The curriculum teaches students to think critically and question the sources, accuracy, fairness and truthfulness of information they encounter in all forms of media. They also are encouraged to get their news from a variety of sources.

Miller and Carroll said the courses have been popular with both teachers and students, and assessments show they have increased students’ interests in news and public affairs. The project has received little criticism from partisan or ideological groups, which frequently claim media bias left and right.

“We are rigorously nonpartisan,” Miller said.

Even more than that, Carroll said, “We encourage (students) to pay attention to media they disagree with, because another characteristic of the modern era of media is that people have created gated communities for themselves; they listen to only the things they want to hear. Sometimes the people they don’t want to hear have something significant to say.”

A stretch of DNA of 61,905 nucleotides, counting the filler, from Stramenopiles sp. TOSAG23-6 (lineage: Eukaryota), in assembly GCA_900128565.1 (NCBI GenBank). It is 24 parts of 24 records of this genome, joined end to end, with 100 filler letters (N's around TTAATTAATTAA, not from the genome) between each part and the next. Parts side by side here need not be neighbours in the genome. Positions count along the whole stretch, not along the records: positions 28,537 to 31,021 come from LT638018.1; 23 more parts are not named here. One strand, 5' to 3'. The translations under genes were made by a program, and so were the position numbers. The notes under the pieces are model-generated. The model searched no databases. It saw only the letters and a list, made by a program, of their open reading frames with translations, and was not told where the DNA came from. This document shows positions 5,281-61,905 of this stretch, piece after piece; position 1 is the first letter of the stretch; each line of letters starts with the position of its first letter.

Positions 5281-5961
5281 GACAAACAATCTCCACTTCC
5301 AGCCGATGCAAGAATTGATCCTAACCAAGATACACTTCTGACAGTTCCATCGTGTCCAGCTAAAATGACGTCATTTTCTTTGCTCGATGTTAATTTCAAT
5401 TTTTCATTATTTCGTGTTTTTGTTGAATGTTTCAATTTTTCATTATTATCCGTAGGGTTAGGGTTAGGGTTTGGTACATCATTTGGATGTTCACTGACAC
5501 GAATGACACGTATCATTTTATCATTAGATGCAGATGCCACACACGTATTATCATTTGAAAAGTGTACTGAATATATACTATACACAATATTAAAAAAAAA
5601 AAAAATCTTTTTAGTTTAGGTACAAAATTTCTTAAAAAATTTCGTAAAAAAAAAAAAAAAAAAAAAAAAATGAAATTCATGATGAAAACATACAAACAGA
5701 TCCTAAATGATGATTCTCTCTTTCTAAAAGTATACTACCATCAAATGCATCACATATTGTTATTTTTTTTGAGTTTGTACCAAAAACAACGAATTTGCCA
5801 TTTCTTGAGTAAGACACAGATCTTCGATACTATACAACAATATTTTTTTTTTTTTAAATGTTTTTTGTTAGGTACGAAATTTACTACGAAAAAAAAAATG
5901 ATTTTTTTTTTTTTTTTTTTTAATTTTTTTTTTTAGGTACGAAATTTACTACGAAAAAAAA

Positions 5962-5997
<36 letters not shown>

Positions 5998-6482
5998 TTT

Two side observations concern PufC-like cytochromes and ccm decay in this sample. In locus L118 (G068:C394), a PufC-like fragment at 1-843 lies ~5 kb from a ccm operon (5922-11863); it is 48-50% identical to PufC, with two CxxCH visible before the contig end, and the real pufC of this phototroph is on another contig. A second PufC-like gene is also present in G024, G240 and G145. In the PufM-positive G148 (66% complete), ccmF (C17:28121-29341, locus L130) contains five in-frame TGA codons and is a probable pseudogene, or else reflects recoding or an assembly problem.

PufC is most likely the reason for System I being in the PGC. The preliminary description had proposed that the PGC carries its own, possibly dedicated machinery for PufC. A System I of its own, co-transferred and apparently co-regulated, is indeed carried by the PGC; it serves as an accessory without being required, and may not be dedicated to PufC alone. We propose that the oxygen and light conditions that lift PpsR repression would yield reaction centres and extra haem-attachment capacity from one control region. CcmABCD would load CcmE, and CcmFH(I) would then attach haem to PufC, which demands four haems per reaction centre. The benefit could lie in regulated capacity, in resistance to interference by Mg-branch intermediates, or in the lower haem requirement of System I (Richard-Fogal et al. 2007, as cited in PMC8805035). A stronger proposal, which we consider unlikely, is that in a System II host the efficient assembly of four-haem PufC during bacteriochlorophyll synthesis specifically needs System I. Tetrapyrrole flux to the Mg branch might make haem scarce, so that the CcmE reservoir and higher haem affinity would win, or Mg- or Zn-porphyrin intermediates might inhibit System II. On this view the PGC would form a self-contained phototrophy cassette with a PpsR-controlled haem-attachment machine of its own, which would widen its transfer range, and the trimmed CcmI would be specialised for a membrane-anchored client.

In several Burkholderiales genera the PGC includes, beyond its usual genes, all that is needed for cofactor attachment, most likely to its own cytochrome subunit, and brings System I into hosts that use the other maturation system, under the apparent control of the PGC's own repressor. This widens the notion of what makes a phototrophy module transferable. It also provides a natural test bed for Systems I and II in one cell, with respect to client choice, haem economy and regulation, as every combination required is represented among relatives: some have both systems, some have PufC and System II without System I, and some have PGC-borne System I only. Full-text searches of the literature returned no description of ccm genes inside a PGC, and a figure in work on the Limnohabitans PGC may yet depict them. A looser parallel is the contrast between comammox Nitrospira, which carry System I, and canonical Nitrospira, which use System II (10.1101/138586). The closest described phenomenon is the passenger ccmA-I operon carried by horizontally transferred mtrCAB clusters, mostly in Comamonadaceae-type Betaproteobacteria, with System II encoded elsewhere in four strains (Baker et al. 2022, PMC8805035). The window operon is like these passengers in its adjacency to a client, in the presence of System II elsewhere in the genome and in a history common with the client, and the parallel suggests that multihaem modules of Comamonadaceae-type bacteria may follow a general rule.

The project’s goal is to create not just more savvy media consumers, but more well-informed and engaged Americans.

“It’s important for this next generation to know how to make good use of the media and not to be used by the media,” Carroll said. “Our fondest hope is to reach every young person in America, and that as a result of that they will become more sophisticated citizens and voters and discourse about public issues will be improved.”

Follow the first Lexington mayor forum tonight

February 24, 2010

The four candidates for Lexington mayor will answer questions from a panel of journalists and community bloggers tonight from 6 p.m. to 8 p.m. in the first major forum of the campaign.